Comparative Morphology Shell

3.1.1 Morphology

The shell length in specimens PE 32521 (Fig. 6.1A, B) and PE 20808 is 56 mm and 46 mm, respectively, and the maximum diameter is 12 mm and 14 mm, respectively. In both specimens the shell has a narrow triangular shape with an apical angle of approximately 12°-15°. The shells appear to be exposed from the ventral side.

Fig. 6.2 Saundersites illinoisiensis g. and sp. n, PE 32521. General view of a radula showing the approximate radula width (RW) and longitudinal rows of two marginal plates on each side (MP1, MP2) and marginal teeth (M). Scale bar is 1.25mm.

Four portions can be distinguished in each shell. The most adoral portion forms a plate on the apparent dorsal side of the shell. The length of this plate is about one-fifth of the total shell length. In PE 32521, the anterior and lateral margins of this plate are fractured, and the surface of the plate is uneven due to compression. In PE 20808, the adoral plate is well preserved and shows a slightly forward curved, broadly rounded anterior margin. Its surface shows growth lines parallel to the anterior margin. Because it is developed only on one side of the shell the anterior plate is here interpreted as a proostracum-like structure. The middle portion of the shell is here interpreted as the body chamber. In both specimens, it is three times longer than the proostracum-like structure. It has a rounded cross section that is slightly compressed in PE 32521. As in all other cephalopod shells from the Mazon Creek area (Richardson and Johnson, 1971; Saunders and Richardson, 1979), the shell material is not preserved. The third portion, immediately apical of the body chamber, can be clearly distinguished from the rest of the shell, because, in PE 32521, it is completely filled and, in PE 20808, partially filled with white calcite and has a sharp boundary toward the middle portion (the body chamber) of the shell. The length of this portion is about one-sixth of the total shell length. It is here interpreted as a phragmocone, although septa cannot be clearly distinguished. Because the phragmocone is short (one-sixth of the shell length only), it could have been truncated during the lifetime of the animal. The most apical portion of the shell is a narrow, short structure that in each specimen shows irregularly shaped longitudinal ridges. This portion is here interpreted as a partly calcified, partly organic rostrum. It is interesting to note that, in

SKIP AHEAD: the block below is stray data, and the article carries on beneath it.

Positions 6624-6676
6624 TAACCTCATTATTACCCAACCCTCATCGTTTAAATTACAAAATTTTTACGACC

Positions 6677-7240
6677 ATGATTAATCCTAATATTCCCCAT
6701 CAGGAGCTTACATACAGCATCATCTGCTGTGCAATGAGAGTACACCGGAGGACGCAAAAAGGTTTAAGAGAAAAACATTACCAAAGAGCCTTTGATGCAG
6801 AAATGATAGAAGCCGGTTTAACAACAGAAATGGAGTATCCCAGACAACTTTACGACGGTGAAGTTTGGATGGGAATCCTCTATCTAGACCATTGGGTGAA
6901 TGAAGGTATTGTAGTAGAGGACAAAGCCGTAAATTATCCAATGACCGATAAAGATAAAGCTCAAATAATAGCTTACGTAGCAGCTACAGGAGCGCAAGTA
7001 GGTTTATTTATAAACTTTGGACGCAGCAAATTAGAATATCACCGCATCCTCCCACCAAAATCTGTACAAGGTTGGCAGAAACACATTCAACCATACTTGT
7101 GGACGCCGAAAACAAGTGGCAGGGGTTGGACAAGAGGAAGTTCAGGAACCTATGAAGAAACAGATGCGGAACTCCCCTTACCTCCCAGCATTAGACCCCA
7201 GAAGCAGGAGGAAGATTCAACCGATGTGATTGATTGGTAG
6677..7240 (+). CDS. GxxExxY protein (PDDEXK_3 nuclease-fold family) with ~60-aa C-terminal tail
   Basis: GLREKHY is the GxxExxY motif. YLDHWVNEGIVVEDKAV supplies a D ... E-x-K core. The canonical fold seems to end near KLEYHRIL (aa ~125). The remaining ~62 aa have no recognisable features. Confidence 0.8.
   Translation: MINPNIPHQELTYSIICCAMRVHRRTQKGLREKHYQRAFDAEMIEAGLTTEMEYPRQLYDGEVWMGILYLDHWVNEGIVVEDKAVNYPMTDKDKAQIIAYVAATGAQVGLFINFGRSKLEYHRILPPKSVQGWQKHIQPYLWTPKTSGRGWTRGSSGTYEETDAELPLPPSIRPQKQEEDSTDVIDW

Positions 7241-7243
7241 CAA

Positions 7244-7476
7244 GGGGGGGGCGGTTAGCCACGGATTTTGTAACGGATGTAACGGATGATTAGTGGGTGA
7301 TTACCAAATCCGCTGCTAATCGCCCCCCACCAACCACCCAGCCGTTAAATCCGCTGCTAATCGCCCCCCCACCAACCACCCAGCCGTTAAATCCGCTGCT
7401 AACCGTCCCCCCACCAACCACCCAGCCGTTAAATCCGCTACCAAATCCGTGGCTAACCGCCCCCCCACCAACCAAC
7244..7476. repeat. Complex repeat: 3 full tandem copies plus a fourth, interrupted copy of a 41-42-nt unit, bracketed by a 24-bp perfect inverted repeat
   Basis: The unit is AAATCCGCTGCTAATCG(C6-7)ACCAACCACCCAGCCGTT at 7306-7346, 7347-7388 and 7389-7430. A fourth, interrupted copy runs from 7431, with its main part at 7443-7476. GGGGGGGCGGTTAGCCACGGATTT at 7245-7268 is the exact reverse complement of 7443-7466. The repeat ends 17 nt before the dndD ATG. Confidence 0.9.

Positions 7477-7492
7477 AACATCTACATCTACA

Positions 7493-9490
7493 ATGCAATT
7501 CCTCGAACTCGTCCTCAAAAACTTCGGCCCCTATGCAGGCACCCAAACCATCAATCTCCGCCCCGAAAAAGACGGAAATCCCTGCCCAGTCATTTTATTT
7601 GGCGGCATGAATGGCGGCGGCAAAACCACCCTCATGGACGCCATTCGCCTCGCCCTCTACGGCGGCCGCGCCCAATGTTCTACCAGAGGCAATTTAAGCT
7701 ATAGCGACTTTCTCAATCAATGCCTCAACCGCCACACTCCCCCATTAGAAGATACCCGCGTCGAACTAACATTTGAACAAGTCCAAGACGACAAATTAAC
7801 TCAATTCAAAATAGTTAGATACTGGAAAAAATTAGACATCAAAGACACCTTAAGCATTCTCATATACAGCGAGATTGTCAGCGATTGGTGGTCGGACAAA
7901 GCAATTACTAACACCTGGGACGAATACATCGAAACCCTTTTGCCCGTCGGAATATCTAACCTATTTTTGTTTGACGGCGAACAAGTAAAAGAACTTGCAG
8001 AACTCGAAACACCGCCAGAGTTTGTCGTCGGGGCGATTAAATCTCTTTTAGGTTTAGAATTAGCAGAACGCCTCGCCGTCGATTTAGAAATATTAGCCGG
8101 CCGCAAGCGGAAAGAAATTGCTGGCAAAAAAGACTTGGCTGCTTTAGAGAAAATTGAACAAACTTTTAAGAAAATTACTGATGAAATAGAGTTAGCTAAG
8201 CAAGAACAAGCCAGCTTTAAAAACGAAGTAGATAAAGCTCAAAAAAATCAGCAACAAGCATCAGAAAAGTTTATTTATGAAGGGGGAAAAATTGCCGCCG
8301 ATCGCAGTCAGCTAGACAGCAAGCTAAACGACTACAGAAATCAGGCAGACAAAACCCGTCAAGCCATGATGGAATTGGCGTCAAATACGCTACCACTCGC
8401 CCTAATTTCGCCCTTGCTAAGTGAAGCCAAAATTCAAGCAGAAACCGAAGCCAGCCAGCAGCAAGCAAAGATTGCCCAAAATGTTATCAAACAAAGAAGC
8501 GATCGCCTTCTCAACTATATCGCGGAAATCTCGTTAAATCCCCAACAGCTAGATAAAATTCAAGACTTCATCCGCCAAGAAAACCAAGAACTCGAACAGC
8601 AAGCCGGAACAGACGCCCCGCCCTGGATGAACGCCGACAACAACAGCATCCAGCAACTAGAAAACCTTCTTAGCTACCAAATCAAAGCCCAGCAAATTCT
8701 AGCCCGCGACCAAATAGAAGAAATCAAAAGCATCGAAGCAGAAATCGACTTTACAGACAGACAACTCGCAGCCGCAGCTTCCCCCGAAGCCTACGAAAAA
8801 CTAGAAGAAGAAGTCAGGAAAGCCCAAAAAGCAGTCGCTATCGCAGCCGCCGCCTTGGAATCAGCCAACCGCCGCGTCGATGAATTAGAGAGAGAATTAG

Fig. 6.3 Saundersites illinoisiensis g. and sp. n, PE 32521. Enlarged detail of Fig. 2. The anterior portion of the radula shows two rows of marginal plates (MP1, MP2), a row of well exposed marginal teeth (M) that have a broad basal part, two rows of lateral teeth (L1, L2), which are partly preserved, and a row of central teeth (C) of which only the tips are exposed. Scale bar is 1.25 mm.

Fig. 6.3 Saundersites illinoisiensis g. and sp. n, PE 32521. Enlarged detail of Fig. 2. The anterior portion of the radula shows two rows of marginal plates (MP1, MP2), a row of well exposed marginal teeth (M) that have a broad basal part, two rows of lateral teeth (L1, L2), which are partly preserved, and a row of central teeth (C) of which only the tips are exposed. Scale bar is 1.25 mm.